Fixed Rate Mortgages in the UK: What You Need to Know
(The following is a guest post)
Mortgages come in all shapes and sizes and homebuyers must consider all the options before coming to a decision no which is right for them. One of the products is the fixed rate mortgage, so letâ€™s take a closer look at this.
Fixed rate mortgages mean that the interest rate stays the same for the set period. And this means that monthly repayments always stay the same. This makes fixed rate mortgages particularly attractive to first-time buyers who want to be very clear on their financial commitment and have to budget their money carefully. In contrast, a variable rate mortgage means the interest moves depending on either the base rate or the lenderâ€™s rate, so monthly repayments change over time.
A fixed rate mortgage in the UK usually comes with a two to five-year term, but they may be longer. So, for the duration, homeowners are sure that the outgoing will always be the same. At the end of the term lenders usually automatically move the product to their standard variable rate mortgage, so homeowners should reassess their situation in advance so they can choose which new mortgage product to take out.
Fixed rate mortgages in the UK are available as repayment or interest only mortgages.
A repayment mortgage means that the monthly payment pays off the interest and the lump sum that was borrowed. This means the payments are a bit higher. But the whole loan is usually repaid by the end of the term so it is low-risk.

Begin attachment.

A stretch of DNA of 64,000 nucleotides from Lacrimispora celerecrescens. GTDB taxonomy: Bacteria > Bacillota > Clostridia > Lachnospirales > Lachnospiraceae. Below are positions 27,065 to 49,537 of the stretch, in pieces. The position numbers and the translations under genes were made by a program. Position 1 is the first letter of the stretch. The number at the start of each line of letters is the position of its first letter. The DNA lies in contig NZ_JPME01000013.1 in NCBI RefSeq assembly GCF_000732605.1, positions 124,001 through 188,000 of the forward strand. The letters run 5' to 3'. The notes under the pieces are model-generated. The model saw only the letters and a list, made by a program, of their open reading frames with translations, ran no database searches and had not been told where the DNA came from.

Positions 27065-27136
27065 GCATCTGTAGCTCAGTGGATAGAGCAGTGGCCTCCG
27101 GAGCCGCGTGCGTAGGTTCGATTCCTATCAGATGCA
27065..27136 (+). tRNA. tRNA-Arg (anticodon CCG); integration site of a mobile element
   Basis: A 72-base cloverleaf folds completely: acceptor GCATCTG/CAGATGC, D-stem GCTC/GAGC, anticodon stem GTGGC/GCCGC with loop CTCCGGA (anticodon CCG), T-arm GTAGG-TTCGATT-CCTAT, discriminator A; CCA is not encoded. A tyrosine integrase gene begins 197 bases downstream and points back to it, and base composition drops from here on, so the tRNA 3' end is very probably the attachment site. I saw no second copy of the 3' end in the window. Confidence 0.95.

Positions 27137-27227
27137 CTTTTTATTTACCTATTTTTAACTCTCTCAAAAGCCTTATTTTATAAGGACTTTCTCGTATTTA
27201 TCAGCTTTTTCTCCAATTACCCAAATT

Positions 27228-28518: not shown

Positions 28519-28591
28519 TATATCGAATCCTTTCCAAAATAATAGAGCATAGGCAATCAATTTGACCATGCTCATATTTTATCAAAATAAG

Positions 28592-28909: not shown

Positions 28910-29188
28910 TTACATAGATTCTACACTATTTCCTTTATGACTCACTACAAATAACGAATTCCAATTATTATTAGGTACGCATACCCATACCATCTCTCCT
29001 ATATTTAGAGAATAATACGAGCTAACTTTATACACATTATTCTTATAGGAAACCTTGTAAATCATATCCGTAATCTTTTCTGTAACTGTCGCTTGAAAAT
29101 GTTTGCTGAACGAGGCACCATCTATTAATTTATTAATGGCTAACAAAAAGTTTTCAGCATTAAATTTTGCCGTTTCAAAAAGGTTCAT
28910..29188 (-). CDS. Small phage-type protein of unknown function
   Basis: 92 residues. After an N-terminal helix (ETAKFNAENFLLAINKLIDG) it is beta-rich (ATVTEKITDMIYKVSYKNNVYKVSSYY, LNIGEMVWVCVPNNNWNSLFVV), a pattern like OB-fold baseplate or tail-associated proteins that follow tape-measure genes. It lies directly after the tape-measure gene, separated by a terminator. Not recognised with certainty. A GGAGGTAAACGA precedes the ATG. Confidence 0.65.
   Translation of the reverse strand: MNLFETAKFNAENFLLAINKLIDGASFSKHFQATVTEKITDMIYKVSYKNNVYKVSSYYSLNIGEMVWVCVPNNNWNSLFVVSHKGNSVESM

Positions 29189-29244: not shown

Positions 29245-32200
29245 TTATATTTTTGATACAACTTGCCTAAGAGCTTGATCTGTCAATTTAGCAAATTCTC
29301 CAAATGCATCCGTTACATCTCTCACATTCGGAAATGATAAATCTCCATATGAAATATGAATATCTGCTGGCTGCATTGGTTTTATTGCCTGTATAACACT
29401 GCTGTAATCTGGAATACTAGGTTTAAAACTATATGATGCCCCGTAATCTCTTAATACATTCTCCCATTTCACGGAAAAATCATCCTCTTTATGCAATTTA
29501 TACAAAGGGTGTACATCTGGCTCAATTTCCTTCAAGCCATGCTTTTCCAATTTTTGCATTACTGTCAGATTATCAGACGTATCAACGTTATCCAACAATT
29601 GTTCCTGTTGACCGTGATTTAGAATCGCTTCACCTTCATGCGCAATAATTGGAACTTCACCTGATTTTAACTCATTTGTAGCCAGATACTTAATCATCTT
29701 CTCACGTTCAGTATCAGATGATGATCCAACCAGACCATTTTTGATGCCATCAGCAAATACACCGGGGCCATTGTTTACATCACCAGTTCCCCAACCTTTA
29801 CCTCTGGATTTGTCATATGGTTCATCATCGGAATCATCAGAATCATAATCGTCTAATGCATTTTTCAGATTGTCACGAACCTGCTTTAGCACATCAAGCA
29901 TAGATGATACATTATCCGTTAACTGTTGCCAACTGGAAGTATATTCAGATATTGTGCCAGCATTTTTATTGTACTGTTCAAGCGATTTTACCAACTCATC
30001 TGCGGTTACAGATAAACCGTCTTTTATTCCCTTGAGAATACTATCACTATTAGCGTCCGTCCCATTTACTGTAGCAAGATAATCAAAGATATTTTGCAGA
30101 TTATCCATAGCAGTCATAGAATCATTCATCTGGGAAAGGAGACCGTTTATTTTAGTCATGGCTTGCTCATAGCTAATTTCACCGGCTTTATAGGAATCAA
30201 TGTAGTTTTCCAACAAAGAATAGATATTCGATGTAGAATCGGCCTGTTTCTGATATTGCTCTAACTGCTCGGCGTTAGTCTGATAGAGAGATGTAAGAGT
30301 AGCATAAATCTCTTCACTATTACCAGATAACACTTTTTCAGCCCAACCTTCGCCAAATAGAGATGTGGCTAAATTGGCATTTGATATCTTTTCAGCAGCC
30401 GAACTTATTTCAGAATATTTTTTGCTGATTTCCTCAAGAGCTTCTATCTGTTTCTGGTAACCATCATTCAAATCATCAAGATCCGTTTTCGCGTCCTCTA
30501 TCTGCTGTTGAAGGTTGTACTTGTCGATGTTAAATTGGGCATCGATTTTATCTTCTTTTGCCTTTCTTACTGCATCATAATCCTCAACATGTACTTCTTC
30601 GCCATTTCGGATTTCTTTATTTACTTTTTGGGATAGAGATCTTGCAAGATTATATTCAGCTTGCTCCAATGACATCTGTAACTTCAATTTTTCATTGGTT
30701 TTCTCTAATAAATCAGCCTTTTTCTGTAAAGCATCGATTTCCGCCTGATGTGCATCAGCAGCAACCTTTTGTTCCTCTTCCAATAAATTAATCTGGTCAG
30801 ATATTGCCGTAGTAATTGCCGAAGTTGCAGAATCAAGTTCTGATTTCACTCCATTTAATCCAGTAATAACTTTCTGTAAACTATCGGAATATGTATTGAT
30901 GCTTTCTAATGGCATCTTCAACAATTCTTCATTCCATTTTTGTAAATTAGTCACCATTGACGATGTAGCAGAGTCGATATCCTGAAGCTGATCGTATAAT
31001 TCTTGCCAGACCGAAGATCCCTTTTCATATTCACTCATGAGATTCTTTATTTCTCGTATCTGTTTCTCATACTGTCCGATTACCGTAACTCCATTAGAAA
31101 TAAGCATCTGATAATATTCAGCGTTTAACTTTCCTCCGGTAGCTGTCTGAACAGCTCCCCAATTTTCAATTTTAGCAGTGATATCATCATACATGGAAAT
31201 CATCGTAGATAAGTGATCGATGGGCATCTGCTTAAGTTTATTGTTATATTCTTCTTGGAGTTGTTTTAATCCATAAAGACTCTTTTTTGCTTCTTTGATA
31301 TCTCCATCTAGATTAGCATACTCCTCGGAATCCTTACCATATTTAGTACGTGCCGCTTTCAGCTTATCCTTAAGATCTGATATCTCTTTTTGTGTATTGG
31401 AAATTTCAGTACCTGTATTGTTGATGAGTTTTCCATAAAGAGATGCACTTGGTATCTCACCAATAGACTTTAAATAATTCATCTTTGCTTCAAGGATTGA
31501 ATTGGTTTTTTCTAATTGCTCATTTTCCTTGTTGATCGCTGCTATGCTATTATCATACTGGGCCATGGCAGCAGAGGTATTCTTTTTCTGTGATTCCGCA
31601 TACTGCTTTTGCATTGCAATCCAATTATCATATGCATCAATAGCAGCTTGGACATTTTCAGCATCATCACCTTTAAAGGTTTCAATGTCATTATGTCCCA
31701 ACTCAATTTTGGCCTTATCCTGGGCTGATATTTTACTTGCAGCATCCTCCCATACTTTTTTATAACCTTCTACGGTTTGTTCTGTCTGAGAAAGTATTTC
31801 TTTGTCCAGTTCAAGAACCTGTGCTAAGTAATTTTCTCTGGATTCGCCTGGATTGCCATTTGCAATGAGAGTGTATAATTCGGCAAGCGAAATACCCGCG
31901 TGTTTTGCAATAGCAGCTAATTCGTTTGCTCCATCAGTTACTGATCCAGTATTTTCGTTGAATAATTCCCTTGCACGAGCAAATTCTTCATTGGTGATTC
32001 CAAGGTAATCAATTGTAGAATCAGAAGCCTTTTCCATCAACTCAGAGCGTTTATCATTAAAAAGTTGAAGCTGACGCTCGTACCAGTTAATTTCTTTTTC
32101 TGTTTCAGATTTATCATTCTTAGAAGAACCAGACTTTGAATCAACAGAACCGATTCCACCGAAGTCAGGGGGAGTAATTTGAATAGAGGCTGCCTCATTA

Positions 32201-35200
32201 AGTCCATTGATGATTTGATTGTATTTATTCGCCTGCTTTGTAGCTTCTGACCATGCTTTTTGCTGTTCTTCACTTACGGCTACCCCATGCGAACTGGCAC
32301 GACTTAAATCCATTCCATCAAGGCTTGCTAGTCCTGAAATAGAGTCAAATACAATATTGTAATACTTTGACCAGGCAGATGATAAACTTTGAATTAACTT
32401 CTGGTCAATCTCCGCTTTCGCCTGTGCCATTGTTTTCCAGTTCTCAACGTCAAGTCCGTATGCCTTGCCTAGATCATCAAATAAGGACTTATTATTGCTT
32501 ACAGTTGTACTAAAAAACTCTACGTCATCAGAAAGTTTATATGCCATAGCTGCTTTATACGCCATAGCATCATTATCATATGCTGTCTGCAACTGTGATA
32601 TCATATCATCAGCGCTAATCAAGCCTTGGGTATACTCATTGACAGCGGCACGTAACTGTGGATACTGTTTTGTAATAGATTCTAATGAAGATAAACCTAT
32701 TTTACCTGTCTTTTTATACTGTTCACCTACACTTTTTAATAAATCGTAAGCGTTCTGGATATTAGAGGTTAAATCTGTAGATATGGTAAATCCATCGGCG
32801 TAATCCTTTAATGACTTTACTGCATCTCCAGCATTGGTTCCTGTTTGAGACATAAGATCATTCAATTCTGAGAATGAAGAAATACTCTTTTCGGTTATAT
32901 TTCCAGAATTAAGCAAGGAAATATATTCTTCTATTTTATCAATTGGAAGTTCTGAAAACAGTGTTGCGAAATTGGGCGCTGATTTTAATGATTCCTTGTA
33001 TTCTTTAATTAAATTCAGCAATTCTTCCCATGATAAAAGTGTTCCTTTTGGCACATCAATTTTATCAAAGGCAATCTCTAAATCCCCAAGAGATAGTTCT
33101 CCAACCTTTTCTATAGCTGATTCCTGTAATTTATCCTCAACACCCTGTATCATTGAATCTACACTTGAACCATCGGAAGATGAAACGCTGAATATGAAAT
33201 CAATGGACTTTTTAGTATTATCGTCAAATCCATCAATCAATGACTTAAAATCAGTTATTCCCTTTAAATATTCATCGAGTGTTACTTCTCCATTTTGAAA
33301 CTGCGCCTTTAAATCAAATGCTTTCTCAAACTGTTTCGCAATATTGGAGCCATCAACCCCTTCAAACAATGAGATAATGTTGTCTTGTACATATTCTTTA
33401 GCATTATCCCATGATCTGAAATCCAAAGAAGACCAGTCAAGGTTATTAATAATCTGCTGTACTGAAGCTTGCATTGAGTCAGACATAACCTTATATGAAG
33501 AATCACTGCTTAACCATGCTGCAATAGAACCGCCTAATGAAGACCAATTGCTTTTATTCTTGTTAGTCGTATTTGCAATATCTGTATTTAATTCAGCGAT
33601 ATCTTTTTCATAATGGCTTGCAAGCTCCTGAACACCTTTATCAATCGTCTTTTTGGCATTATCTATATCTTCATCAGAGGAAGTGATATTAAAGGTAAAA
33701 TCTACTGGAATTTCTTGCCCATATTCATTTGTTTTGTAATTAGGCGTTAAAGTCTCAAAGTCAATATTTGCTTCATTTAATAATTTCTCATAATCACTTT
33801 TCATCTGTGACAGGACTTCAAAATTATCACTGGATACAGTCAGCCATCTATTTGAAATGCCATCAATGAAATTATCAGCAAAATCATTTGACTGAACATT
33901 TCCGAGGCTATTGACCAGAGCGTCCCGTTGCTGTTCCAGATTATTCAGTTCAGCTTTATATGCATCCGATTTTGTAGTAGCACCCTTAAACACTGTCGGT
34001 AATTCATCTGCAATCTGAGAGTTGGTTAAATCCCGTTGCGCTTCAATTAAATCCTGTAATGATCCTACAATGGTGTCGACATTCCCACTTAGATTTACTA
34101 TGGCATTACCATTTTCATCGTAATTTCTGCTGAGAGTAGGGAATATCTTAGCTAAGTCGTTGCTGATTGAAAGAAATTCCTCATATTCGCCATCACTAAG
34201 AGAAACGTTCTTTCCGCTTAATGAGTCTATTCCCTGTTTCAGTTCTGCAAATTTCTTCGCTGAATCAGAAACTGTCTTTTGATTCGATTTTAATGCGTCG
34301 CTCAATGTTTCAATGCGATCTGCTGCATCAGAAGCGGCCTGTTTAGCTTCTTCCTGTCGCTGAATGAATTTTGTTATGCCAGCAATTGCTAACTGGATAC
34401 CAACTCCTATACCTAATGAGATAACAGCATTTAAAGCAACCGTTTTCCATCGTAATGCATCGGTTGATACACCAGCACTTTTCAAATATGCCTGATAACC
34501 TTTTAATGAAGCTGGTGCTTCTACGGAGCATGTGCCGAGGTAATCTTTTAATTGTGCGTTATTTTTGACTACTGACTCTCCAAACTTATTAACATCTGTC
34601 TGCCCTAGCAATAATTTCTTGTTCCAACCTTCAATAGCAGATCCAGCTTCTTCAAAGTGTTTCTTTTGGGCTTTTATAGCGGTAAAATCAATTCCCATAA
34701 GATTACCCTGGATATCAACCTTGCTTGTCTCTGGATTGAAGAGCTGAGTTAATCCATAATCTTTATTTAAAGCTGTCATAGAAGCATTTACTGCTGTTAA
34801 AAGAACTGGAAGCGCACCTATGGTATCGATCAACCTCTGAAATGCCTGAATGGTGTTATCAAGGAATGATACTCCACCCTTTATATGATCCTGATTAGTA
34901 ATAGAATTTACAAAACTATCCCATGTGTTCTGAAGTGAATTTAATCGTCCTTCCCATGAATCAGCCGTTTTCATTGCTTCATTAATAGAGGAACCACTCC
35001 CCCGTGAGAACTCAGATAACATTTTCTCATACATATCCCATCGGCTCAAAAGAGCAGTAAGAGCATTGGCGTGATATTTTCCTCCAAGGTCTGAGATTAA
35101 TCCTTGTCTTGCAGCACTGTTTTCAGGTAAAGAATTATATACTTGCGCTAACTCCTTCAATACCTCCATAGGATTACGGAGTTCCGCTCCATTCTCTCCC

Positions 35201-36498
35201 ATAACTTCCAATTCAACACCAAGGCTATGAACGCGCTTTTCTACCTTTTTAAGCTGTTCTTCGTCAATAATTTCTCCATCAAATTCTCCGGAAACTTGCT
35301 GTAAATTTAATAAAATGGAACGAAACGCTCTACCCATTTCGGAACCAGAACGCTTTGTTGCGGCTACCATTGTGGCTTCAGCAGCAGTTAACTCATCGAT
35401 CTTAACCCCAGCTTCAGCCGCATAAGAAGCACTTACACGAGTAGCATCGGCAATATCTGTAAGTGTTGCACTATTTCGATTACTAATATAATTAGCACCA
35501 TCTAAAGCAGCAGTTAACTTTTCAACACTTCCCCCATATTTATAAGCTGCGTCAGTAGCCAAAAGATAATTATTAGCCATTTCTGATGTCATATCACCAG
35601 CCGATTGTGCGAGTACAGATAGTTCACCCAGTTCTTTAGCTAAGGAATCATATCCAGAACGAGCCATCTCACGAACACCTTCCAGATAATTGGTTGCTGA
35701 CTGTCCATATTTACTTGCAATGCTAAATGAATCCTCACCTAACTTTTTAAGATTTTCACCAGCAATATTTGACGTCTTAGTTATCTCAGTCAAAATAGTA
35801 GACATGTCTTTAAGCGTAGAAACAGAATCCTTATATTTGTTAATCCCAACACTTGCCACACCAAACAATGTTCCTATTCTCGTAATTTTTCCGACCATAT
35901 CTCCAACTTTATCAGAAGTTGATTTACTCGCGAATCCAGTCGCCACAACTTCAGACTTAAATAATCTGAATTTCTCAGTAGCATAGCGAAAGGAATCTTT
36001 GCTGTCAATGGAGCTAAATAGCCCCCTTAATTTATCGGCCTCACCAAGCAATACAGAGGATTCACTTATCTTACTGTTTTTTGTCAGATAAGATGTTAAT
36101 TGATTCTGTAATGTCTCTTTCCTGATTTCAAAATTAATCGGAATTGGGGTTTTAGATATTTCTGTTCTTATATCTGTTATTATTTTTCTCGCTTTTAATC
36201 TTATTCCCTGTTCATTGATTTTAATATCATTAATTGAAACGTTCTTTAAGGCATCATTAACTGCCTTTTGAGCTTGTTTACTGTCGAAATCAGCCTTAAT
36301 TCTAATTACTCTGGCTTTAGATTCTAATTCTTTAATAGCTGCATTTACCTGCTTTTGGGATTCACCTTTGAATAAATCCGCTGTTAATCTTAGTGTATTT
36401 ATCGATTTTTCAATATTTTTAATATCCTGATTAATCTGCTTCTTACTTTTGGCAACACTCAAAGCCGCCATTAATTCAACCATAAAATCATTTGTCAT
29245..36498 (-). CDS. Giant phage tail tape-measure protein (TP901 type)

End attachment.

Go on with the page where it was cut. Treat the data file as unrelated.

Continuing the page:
Interest-only mortgages have cheaper repayments each month because only the interest is being paid back. At the end of the term the lump sum is still owed and must be repaid somehow, such as through separate savings or investments. This is a riskier option and also means that the total amount paid back is greater.
The main benefit of the fixed rate mortgage is the peace of mind, but it does have some drawbacks. The interest rate is usually higher and if the base rate does fall homeowners do not benefit from this. Furthermore there can be arrangement fees and early repayment charges to consider.
Homeowners should get professional guidance from a mortgage broker, their bank or building society or an Independent Financial Adviser to ensure they sign up for the property loan that is best suited to their situation. The market can be confusing so it is wise to enlist the help of an expert to avoid getting into difficulties with your finances.